Keeping a kosher home is a total pain in the you-know-what.
It has nothing to do with keeping milk and meat separate, or wanting to eat non-kosher meat because it’s more convenient. It has nothing to do with my past values or observance.
It’s the details that drive me nuts.
When Mollie and I talked about living together, keeping kosher was the first topic we discussed after, you know, whether we would live together. To that point, our dietary differences coexisted just fine. At restaurants, I could get anything I wanted, and she was okay so long as there were veggie options. At home, we cooked vegetarian meals in our respective apartments. So when we moved this summer, it was natural to keep kosher so that friends of all observance levels could come and eat.
I had long been prepared for the change. I was ready to be more selective in my meat purchases and to bid farewell to the homemade chicken quesadillas and add-cheese-to-anything-because-why-not mentality of my previous cooking life. All it would take was a little more vigilance at the grocery store and a viable system for separating milk and meat dishes.
Of course, this was a gross underestimate.
For starters, “dishes” are more than just plates, bowls, pots, pans and silverware. “Dishes” mean separate spatulas, separate serving platters, separate sponges and separate stuff that might never touch meat or dairy, but would probably come in contact with them at some point. So … separate cutting boards, separate mixing bowls, separate food processors and other expensive appliances – separate everything. Suddenly, our rather large kitchen with a floor-to-ceiling pantry seemed to me about four square feet.
When we started unpacking, everything I thought about this seemingly black-and-white transition crumbled into shades of gray. Before we could kosher everything, separate it and buy what we were missing, we needed to make food, and it wasn’t long before I lost track of which baking sheets or which utensil holders had already been claimed for dairy or meat. As someone who likes things in their logical place and doesn’t do things haphazardly, this was total anarchy.
Between this and the limitations of our apartment, how could we possibly do this right?
My instinct was to impose order whenever possible. So, despite my lack of kosher experience, I channeled my inner mashgiach (kosher supervisor) and declared martial halacha. Even as we were cooking, I would go through kitchen items and assign them to Team Milchik or Team Fleischik. My first edict was to distinguish the naturally divided sides of our sink, with each sponge expected to remain on its given side. I also split up our large collection of mugs onto different shelves, and pointed out that we only had one set of wine glasses and one set of Tupperware. And of my own volition, I informed my best friend and former non-kosher roommate, who came to stay with us a month after we moved in, that he could not heat up the sausage he brought home in any of our appliances. He ate it cold, and I felt no remorse.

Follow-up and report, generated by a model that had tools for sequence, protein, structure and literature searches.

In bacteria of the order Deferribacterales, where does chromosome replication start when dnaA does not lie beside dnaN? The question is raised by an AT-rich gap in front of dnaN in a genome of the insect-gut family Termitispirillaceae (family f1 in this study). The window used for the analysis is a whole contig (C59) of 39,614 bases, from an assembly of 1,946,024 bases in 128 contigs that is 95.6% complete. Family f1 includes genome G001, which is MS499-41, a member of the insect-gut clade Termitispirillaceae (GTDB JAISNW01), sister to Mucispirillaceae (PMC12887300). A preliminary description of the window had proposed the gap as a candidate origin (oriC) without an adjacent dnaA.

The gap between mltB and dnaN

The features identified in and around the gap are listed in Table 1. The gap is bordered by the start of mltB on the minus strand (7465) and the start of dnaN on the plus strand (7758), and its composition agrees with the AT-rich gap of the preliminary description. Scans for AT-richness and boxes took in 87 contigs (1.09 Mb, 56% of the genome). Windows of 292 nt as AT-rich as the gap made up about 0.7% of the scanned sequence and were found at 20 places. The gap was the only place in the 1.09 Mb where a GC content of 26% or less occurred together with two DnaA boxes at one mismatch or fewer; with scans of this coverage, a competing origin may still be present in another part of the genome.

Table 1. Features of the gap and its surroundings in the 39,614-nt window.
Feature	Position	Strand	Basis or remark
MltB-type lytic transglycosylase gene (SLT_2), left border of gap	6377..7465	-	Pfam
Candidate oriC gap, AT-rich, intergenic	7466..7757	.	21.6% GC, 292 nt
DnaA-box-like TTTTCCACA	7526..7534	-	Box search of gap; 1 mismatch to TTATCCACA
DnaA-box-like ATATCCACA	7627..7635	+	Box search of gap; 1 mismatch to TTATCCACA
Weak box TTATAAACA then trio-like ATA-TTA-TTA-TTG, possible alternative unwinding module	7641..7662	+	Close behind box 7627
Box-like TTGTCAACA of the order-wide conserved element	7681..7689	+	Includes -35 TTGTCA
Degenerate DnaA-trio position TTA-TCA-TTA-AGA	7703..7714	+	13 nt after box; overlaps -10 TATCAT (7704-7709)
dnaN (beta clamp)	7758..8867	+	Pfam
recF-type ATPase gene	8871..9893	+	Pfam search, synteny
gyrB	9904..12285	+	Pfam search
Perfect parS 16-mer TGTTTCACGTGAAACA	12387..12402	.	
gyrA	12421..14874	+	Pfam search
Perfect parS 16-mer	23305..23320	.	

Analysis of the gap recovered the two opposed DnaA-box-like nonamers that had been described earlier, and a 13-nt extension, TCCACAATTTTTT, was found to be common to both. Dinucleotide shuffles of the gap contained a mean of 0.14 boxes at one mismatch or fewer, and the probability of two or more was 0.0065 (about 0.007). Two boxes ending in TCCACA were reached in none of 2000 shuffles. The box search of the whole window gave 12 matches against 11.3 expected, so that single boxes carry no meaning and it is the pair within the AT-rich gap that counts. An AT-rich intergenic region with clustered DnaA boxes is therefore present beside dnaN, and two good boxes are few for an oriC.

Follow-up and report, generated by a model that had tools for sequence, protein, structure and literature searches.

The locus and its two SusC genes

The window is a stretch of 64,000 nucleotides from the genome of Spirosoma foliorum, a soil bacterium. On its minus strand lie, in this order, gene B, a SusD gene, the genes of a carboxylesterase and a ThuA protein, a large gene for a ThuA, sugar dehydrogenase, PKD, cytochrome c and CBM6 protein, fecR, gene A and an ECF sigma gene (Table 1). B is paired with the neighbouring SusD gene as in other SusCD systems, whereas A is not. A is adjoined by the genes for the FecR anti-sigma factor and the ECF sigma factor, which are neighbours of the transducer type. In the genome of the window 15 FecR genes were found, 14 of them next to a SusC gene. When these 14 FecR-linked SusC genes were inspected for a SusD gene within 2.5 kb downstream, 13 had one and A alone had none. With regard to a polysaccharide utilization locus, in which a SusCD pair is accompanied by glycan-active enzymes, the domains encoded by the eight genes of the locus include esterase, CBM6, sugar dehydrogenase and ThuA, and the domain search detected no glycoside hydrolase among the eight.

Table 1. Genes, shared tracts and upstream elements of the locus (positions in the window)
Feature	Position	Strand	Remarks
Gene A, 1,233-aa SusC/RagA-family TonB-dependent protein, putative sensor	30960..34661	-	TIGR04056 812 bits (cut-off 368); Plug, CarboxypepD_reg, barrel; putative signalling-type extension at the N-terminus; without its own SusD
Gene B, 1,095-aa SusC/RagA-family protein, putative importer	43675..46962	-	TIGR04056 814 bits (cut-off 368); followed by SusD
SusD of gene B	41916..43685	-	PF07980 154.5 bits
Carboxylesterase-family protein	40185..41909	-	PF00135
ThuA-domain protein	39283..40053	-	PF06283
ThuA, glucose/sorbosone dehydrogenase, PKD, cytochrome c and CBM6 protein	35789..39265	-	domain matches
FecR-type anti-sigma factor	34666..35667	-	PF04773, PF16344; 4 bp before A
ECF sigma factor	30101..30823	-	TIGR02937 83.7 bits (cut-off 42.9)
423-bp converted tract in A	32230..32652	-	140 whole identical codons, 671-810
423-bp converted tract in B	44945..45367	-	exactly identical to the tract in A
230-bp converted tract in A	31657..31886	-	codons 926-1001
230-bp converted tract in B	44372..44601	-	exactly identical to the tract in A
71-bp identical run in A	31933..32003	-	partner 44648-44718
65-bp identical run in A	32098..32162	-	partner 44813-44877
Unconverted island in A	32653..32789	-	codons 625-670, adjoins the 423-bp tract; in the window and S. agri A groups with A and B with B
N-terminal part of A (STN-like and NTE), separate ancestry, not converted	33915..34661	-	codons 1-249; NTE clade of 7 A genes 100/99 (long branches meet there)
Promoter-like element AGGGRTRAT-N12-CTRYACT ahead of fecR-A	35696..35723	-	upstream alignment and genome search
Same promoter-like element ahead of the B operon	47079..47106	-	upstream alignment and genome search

When our friends and family ask how keeping kosher is going, Mollie describes me as “the enforcer.” Somehow, I have become more rigid than the person who it technically matters to, who one time sat down at the table with a dairy glass when we were eating kosher turkey burgers and didn’t notice until I said something.
If I’m going to live by new rules, I figure it doesn’t make sense to bend or break them. Then again, when I pour myself a beer to go with dinner, I don’t think about what I ate when I last used that pint glass. When I’m drying dishes, I use whatever towel looks cleanest. And technically, we only have one refrigerator and one microwave. It’s an endless battle against an onslaught of minutia. We can only do so much, and we should at least feel comfortable that “our kosher” is enough for us and those who care about us.
More than anything, I’ve realized my kosher police phase is not about becoming more observant, or doing things “the right way”; it’s about committing to values. Having a kosher home is my newest value. It symbolizes the life that Mollie and I are making together.
Any two people can fuse their lives together. A vegan and an omnivore can coexist; someone who loves to bake can live with someone who’s gluten intolerant. The difference is that keeping kosher together creates shared values, and in this case, shared Jewish values. We took on the challenge of koshering our apartment together, and it feels like our kitchen, not Mollie’s mostly kosher kitchen with my little shelf for treif.
We also have other shared values more important than kashrut. For example, energy and resource conservation are also important to us, so we don’t run our dishwasher empty in between milk and meat loads. We want to be intentional about our values, not ruled by them.
We are keeping kosher because we see the value it brings to our lives. In my case, I like that it forces me to be intentional about my home. Seeing dishes piled to the ceiling in one side of the sink while the other half sits empty will always remind me that even my daily activities, like eating, are steeped in my values, and sticking to your values can sometimes be a pain in the you-know-what.